In late February, Ivanhoe Australia (IVA-T, IVA-A) started production ahead of schedule and on budget at its Osborne copper-gold project in northwestern Queensland. The initial shipment of copper-gold concentrate to Asian smelters left port in June, and the mine is expected to produce 20,000 tonnes of copper a year and 30,000 oz. gold, along with positive cash flow from 2013.
But with a current mine life of just four years, the junior hopes to extend Osborne’s lifespan to more than 10 years, with resource expansions and the discovery of additional low-cost mill feed from green and brownfield exploration targets close to the Osborne processing complex, including Osborne, Kulthor and Starra 276, which are all underground copper-gold mining operations.
An upgraded resource estimate released Sept. 19 for Kulthor has brought the company one step closer to its goal. Ivanhoe Australia has boosted contained metal at Kulthor by 60% with drilling from late 2011, and converted a significant amount of inferred resources to the measured and indicated category. Ivanhoe Australia estimates the upgraded resource has the potential to provide an additional one to two years of mill feed for the Osborne operation.
Measured and indicated resources at Kulthor stand at 7.4 million tonnes grading 1.6% copper and 1 gram gold per tonne, with inferred resources adding 5.4 million tonnes of 1.3% copper and 0.9 gram gold per tonne.
Johannes Faul of BMO Capital Markets in Toronto initiated coverage of the company on Sept. 18, and expects the company will be "successful in proving up additional mill feed from the existing mining operations to maintain production for another six years, at an annual throughput rate of 1.6 million tonnes, and average grades of 1.4% copper."
Ivanhoe Australia acquired 100% of the Osborne mine and concentrator from Barrick Gold (ABX-T, ABX-N) in 2010. The company has postponed restarting the Osborne open pit because it involves pushing back the pit wall, and the company wants to conserve cash.
Ivanhoe Australia has put together a significant package of molybdenum, rhenium, copper and iron-oxide-copper-gold (IOCG) projects in northwestern Queensland, but its key development project is Merlin, which it describes as "the highest-grade molybdenum and rhenium project in the world." It is undertaking development work at its Mount Dore copper cathode project and at Mount Elliott, a large copper-gold system, 17 km north of Merlin.
It also holds 100% of Starra Line. The Starra Line deposits, including Starra 276, are hosted in hematite-bearing iron stones, and classified as IOCG-type deposits.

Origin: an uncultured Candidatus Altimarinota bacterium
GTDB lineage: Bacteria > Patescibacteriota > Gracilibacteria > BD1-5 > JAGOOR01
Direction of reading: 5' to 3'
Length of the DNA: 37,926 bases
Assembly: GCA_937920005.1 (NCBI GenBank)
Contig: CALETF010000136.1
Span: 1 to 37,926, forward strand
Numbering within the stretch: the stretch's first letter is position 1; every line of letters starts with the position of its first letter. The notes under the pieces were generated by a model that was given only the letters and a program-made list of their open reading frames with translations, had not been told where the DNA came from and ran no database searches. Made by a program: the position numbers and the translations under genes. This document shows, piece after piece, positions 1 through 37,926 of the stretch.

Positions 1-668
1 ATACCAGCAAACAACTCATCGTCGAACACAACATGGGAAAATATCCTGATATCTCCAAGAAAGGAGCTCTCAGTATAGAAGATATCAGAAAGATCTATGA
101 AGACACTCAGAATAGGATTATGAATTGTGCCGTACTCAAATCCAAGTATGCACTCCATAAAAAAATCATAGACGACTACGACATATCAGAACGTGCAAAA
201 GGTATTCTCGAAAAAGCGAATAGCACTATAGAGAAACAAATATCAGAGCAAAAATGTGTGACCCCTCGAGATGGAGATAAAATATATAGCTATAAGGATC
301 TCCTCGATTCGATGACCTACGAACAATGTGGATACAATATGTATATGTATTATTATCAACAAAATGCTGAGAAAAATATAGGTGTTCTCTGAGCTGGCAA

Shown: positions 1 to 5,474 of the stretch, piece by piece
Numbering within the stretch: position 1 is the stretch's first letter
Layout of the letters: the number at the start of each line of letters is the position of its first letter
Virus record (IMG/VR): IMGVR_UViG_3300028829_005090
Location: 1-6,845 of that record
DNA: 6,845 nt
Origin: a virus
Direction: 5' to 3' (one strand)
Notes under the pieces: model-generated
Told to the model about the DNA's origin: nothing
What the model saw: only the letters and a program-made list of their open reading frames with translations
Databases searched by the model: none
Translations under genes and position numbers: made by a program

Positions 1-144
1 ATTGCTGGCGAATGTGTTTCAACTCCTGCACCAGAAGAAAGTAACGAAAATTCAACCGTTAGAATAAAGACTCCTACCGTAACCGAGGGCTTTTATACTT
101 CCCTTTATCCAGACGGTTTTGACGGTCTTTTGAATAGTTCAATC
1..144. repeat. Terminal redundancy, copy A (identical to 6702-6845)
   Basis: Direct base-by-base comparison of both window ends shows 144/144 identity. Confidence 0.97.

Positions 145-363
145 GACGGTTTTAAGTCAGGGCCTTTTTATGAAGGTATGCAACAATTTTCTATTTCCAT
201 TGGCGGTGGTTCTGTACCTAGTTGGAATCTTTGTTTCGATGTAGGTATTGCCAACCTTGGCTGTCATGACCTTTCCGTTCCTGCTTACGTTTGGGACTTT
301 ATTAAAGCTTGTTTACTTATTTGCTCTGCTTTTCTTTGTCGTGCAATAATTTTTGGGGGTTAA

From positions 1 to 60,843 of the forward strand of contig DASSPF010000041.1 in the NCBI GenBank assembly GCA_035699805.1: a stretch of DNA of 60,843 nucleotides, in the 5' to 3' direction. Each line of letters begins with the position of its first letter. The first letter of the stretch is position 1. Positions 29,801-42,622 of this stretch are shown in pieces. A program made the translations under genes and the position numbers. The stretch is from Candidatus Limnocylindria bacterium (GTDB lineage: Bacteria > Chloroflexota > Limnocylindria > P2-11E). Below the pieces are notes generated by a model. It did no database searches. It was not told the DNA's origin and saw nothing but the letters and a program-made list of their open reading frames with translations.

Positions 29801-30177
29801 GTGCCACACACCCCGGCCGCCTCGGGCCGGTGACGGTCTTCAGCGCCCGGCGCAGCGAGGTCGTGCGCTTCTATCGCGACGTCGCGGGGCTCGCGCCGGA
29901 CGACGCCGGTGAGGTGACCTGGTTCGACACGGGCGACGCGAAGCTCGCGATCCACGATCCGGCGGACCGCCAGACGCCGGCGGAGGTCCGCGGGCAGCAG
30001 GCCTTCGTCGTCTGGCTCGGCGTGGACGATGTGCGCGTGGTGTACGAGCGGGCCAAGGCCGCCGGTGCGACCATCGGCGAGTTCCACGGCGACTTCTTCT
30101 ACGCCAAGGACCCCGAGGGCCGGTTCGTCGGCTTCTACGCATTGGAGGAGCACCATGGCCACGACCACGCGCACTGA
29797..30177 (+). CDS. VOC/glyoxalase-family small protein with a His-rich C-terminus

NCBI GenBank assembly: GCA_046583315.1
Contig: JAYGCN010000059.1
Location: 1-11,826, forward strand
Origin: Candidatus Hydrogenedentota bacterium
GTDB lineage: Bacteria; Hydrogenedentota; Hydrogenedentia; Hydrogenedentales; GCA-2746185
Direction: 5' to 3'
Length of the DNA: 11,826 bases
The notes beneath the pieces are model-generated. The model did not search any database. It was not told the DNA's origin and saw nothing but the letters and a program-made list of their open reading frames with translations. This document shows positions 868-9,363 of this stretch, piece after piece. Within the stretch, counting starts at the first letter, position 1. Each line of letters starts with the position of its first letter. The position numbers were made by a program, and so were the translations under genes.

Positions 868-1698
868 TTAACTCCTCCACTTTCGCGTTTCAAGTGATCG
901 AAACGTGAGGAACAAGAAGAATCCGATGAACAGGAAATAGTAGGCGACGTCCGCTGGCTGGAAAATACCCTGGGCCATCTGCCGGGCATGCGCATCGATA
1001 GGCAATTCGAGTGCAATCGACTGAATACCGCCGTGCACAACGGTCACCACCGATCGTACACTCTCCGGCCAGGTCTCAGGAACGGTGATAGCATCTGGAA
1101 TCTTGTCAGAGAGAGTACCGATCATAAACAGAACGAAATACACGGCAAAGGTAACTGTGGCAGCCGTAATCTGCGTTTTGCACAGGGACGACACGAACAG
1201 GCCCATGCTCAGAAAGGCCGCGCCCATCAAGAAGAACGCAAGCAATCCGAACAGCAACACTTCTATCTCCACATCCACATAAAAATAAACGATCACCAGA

The company has made progress bringing Merlin closer to production, with access to the adjacent Little Wizard deposit in December 2011, completion of phase one of the Merlin decline in January 2012 and completion of the Merlin feasibility study in April 2012. The feasibility study envisions a 15-year underground operation, with a processing plant at the Osborne complex and a throughput of 500,000 tonnes per year. Average production is estimated at 5,100 tonnes of molybdenum and 7,300 kilograms of rhenium a year for the first seven years following ramp-up, as molybdenum trioxide (MoO3) and ammonium perrhenate. Initial capital expenditure (capex) to first production is estimated at A$345 million. (An additional A$52 million would be needed during the first year to upgrade the concentrate treatment plant, bringing total capital expenditure to A$397 million.)
BMO Capital Markets’ Faul expects Merlin to start production in 2015, and describes it as "the most attractive growth project in Ivanhoe Australia’s pipeline." But while Merlin makes up a hefty part of the company’s net present value, he adds, it lacks funding, which creates uncertainty that will likely overhang the stock in the near term until the Merlin project is de-risked.
"Merlin’s estimated capex of A$397 million is unfunded and the company is exploring a range of financing options for the project, including a partial sale," the analyst writes. "A strategic partner in search of a secure supply of rhenium could have an interest in the project. In parallel, Ivanhoe Australia is undertaking metallurgical test work to determine whether a saleable moly-rhenium concentrate can be produced at Merlin, eliminating the need for the A$150-million roaster."
He also reasons that "it is likely Turquoise Hill Resources is ultimately a seller of its subsidiary, leaving Ivanhoe Australia as a potential takeover target." Turquoise Hill Resources (TRQ-T, TRQ-N), formerly Ivanhoe Mines, has a 59% stake in Ivanhoe Australia.
At press time Ivanhoe Australia was trading at A78¢ per share.
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